The Great Gift of Life
As we begin a new year, I am reminded of the great gift of life that God has given us, and the gift of our stewardship of all life. Everything we do with this great gift of life is marked by time that either seems to go too slowly, or too quickly. There never seems to be enough time!
I am also reminded that people of faith look at time differently from how others might look at time. Greeks had two words for time. Kronos time is the sequential, chronological march of time, marked by seconds, hours, days weeks and years. Kairos time, or “God’s time” is the unfolding of our journey of faith, of God’s revelation to us, of “re-membering”, putting back together what is broken apart. God’s time is not sequential. Sometimes God breaks into our lives with moments of revelation. Sometimes we wait for God for what seems like an eternity. Whatever it seems to us, God’s grace is present no matter what, working in all of us, wherever we are in our journey of faith, always inviting us to deeper relationship.
It is this Kairos time that comes to mind when I look at what is before us in January. January marks many events: The Vatican’s World Day of Peace, National Migration Week, Epiphany, the commemoration of the birthday of the Rev. Martin Luther King Jr., the opening of the 2017 New Mexico legislative session, the anniversary of Roe V. Wade and the Sanctity of Life Awareness and Unity Day Mass/March/Rally, the Week of Prayer for Christian Unity and Catholic Schools week. Many of these events focus on the gift of life, and our call to protect life in all its stages. I am reminded of the Scripture passage from Deuteronomy:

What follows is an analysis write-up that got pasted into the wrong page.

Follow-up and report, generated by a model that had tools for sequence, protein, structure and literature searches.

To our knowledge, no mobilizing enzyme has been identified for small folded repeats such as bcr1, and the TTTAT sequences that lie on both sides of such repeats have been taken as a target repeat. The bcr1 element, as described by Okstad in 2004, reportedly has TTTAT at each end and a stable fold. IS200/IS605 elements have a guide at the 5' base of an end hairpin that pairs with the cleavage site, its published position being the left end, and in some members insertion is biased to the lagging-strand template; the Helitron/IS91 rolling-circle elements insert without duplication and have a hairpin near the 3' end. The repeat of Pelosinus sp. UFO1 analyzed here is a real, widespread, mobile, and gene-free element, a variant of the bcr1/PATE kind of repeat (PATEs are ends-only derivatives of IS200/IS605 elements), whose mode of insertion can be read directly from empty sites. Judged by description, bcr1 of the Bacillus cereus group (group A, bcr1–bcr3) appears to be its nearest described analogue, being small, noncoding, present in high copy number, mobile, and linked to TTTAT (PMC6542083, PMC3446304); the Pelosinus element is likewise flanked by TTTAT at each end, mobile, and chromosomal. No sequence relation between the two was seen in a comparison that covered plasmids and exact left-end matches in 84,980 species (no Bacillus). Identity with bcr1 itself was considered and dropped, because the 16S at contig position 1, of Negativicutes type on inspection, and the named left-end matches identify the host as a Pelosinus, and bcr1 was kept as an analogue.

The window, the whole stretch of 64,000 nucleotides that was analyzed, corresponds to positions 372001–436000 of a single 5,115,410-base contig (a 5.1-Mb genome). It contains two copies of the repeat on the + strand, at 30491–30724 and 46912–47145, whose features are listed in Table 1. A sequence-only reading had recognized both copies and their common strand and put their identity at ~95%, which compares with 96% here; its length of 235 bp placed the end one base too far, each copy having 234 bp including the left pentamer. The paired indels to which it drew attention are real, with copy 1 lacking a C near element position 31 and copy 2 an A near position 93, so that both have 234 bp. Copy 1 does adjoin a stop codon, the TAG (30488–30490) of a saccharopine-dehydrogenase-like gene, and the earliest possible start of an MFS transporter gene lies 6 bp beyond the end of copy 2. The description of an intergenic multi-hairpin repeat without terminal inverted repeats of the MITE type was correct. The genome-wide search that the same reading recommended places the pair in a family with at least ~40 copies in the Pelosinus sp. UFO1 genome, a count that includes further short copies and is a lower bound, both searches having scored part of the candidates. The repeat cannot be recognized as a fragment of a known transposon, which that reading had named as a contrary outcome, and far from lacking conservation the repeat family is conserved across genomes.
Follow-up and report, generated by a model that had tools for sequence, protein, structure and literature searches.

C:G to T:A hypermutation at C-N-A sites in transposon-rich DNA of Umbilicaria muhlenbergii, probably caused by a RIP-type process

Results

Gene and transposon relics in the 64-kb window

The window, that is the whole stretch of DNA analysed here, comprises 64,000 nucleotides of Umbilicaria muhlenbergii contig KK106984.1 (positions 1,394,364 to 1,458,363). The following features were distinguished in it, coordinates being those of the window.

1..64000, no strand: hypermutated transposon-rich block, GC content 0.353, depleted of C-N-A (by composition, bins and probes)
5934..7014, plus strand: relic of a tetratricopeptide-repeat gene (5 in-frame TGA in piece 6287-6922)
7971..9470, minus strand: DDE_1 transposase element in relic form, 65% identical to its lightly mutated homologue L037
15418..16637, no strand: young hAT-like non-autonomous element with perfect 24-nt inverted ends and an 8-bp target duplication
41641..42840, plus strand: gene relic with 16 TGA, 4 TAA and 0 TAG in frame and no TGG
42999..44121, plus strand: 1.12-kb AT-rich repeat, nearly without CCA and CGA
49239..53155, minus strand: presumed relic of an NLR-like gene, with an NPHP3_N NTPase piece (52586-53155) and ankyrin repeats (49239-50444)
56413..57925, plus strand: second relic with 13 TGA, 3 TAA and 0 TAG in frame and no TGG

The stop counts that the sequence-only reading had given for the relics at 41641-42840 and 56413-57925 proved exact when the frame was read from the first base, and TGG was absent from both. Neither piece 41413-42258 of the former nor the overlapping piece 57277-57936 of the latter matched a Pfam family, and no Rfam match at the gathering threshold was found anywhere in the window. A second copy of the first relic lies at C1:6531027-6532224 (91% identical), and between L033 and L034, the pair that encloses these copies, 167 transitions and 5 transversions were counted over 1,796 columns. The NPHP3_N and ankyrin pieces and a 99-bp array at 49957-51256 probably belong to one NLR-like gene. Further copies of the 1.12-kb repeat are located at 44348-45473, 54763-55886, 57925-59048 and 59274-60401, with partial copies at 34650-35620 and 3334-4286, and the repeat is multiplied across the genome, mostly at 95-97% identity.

Catholics consistently choose life at all stages. We choose life by protecting children in the womb from abortion. We choose life and walk with women and men who choose to heal from their involvement with abortion through Project Rachel post-abortion healing ministry. We choose life when we support families and the social and educational networks that help to raise healthy children. We choose life when we support immigrant families, unaccompanied minors and refugees who come fleeing violence in their home countries. We choose life when we support people living in poverty, people who are hungry, people who are in prison, people who are victims of human trafficking. We choose life when we support the elders of our families and communities, and commit to walking with them at the end of their lives with dignity. The Church is here to journey with all Her children, wherever they are. We choose life!
We also choose life when we advocate for just laws. The Church consistently advocates for laws that protect the unborn, children, immigrants, those who are disabled, elderly, poor or vulnerable. Last June, the New Mexico Supreme Court upheld New Mexico’s ban on doctor-assisted suicide. However, there is discussion by some State Representatives to introduce a doctor-assisted suicide bill in the 2017 legislative session.